Hakai Magazine

Coastal science and societies

swimming beaver
Most people associate the beaver, Castor canadensis, with fresh water—but it’s a coastal creature too. Photo by George Sanker/NPL/Minden Pictures

The Gnawing Question of Saltwater Beavers

Scientists have long overlooked beavers in the intertidal zone. Now they’re counting on the freshwater rodents to restore Washington’s coastal ecosystems.

Authored by

by Ben Goldfarb

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The female beaver laying on a table in the exam room was nearly comatose, her whiskered face and nimble paws twitching with seizures. Bethany Groves, the attending wildlife veterinarian, had seen beavers before, many the victims of car strikes and dog attacks. Those patients tended to be feisty, snapping their orange, self-sharpening incisors—fortified with iron—at Groves’s hands. This 16-kilogram adult, though, had none of the species’ usual vigor. Within a day, the animal was dead.

Groves found a clue to the beaver’s demise in the circumstances of its death. Castor canadensis is, of course, a freshwater dweller, adapted to lakes and rivers and wetlands. Yet wildlife control officers had found this particular rodent rolling listlessly in the surf near a ferry terminal along the coast of Puget Sound, an inlet along the coast of Washington State.

On a hunch, Groves, who works for the Progressive Animal Welfare Society’s Wildlife Rehabilitation Center just outside Seattle, drew a blood sample. The beaver’s sodium level was a shocking 183 milliequivalents per liter, far above the normal concentration, typically 130 to 150 milliequivalents per liter. The animal, she suspected, had ingested enough seawater to induce salt toxicity.

One salt-poisoned animal might be dismissed as a lone misguided mariner. Since that February 2016 case, however, Groves has seen four more sick saltwater beavers. Each one has suffered the same symptoms—lethargy, seizures, and catastrophic sodium levels—and none has survived more than 24 hours.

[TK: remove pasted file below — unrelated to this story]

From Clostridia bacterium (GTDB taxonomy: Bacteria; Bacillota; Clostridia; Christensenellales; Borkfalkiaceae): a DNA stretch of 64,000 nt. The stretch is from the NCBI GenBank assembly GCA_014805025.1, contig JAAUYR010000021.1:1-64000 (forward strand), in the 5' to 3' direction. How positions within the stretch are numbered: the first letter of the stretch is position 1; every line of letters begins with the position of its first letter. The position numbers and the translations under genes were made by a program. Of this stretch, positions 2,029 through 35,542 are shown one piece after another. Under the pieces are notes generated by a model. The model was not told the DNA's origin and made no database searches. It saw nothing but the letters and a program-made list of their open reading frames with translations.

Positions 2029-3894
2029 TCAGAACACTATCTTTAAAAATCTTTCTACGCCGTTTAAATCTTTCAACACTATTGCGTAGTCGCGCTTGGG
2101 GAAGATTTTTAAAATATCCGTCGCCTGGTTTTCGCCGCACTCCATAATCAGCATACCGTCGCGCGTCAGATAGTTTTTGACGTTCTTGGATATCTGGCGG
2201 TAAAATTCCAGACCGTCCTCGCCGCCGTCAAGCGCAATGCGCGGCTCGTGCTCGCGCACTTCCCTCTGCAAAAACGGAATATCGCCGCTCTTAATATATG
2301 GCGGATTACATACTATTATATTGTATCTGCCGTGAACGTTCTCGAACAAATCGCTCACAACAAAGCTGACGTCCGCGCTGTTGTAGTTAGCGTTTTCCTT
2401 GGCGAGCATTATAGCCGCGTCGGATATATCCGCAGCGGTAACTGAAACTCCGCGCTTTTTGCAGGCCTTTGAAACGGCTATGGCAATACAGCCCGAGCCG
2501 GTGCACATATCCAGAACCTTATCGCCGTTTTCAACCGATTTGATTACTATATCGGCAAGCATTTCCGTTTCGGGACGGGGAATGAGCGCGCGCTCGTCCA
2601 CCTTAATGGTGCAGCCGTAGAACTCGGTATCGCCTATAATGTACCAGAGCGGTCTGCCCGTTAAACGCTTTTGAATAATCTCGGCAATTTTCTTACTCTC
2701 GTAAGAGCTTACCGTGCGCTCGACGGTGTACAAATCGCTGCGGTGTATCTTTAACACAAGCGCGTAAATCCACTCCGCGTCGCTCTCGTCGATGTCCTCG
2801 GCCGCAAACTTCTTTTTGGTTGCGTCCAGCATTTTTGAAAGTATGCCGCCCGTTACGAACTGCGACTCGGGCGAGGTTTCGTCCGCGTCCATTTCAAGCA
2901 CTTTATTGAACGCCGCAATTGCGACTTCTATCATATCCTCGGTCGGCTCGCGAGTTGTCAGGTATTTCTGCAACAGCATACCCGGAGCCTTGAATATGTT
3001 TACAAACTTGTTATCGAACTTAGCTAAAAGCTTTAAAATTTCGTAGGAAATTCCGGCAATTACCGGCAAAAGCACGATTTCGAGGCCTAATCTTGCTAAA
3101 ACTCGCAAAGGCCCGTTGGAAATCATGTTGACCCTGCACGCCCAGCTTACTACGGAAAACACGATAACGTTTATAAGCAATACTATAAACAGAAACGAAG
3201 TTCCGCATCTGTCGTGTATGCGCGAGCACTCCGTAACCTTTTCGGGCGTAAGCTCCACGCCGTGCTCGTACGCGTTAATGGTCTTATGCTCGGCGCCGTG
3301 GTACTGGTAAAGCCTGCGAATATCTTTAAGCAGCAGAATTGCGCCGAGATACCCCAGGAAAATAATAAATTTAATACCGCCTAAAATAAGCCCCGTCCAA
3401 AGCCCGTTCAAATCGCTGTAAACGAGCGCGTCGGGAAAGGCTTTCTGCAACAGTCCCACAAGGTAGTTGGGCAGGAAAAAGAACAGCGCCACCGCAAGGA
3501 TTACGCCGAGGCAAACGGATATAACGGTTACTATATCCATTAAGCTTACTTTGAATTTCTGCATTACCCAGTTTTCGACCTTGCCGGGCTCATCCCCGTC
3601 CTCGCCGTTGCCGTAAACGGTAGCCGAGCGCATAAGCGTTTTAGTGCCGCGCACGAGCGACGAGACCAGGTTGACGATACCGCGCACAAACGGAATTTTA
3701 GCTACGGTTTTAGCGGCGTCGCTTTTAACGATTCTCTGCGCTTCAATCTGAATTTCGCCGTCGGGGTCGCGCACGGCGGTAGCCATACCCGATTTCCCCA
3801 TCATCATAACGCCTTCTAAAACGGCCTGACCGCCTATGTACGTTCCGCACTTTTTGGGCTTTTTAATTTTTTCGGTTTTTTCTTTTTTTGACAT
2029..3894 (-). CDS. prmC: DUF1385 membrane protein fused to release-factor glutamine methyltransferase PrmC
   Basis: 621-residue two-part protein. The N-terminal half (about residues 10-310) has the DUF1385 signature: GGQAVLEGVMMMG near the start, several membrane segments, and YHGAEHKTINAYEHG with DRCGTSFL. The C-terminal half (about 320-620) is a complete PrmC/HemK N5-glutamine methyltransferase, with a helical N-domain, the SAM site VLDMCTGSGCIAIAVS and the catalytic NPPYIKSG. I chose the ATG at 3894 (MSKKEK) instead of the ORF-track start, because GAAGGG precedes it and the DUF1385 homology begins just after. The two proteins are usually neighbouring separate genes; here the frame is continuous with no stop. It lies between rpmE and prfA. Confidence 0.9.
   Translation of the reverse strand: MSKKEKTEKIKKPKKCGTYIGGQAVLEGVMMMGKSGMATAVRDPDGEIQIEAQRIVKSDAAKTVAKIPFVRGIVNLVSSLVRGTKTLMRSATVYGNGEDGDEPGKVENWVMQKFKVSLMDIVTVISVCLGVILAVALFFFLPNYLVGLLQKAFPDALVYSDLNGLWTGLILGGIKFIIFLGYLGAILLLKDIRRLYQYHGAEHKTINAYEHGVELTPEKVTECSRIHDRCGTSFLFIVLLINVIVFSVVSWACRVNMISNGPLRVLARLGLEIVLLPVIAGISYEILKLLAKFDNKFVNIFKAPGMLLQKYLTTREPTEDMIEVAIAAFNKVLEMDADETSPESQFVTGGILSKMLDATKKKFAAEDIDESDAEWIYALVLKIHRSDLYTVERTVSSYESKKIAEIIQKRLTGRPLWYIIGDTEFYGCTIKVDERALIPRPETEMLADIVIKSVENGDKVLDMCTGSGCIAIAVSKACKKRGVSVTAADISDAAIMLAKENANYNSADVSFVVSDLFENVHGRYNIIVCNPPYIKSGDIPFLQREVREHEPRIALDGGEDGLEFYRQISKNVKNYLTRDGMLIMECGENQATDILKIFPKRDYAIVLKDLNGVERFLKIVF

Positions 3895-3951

“They’re found on the shoreline, often covered in sand—they literally look like they were just pulled out of the ocean,” Groves says. She has started IV drips on her paddle-tailed patients, attempting to rebalance their salt levels without success. Groves has preserved tissue samples from all five victims in formalin; when she reaches a half-dozen, she plans to send them to a pathology lab, which, she hopes, will confirm her diagnosis of salt toxicity. “The pathologist gets samples submitted from all over the world, yet this was totally unheard of to him,” she says.

Once hunted almost to extinction for hat-making, beavers are now found in lakes across North America. Development of their coastal habitat, however, has mostly erased beavers from the intertidal zone. Video by Pond5

Groves’s experience sheds some light on a curious phenomenon—that North America’s most iconic freshwater rodents frequently take to the ocean. Although the peer-reviewed literature is scant, there are many anecdotal accounts of brave beavers venturing to sea. After the Argentine government attempted to jump-start a fur trapping industry by introducing the rodents to Tierra del Fuego in 1946, for instance, beavers swiftly spread throughout the archipelago, eventually crossing the Strait of Magellan to the Patagonian mainland—a voyage of at least 2.4 kilometers. On Isle au Haut, 11 kilometers off the Maine coast, rangers captured photos of a bedraggled beaver in 2014.

Yet beavers aren’t just coastal wanderers, they’re also residents—potential health consequences be damned. Greg Hood, senior research scientist at the Skagit River System Cooperative in Washington, says biologists have overlooked beavers in the state’s tidal shrublands, a liminal zone washed twice daily by the ocean. Until recently, Hood adds, estuarine beavers were considered bizarre anomalies, when they were considered at all. “You don’t find what you don’t look for,” he says.

In freshwater environs, the dam builders are the ultimate keystone species, their ponds and wetlands furnishing habitat for creatures from mink frogs to wood ducks to moose. Hood’s research suggests beavers are equally indispensable along the coast, engineering deep pools for fish, including juvenile salmon, in estuaries plagued by habitat loss. Acknowledging the importance—indeed the existence—of coastal beavers might just be vital to re-creating a lost intertidal world: an ecosystem sculpted by rodent teeth, undone by human hands.


Among the best places to encounter coastal castors is the Qwuloolt estuary, the salt marsh that lies at the mouth of the Snohomish River, a 32-kilometer watercourse that wends from the Cascade mountains through verdant Puget Sound bottomlands. One summer morning, I kayak through the estuary with David Bailey, a biologist with the Tulalip Tribes, a Native sovereignty whose 8,900-hectare reservation lies just up the coast. Bailey and I paddle upstream against the outgoing tide, the air salty and rotten on my tongue. The endless flats are somber and ashen, pierced by skeletal spruces that tower over the plain like giant chess pieces.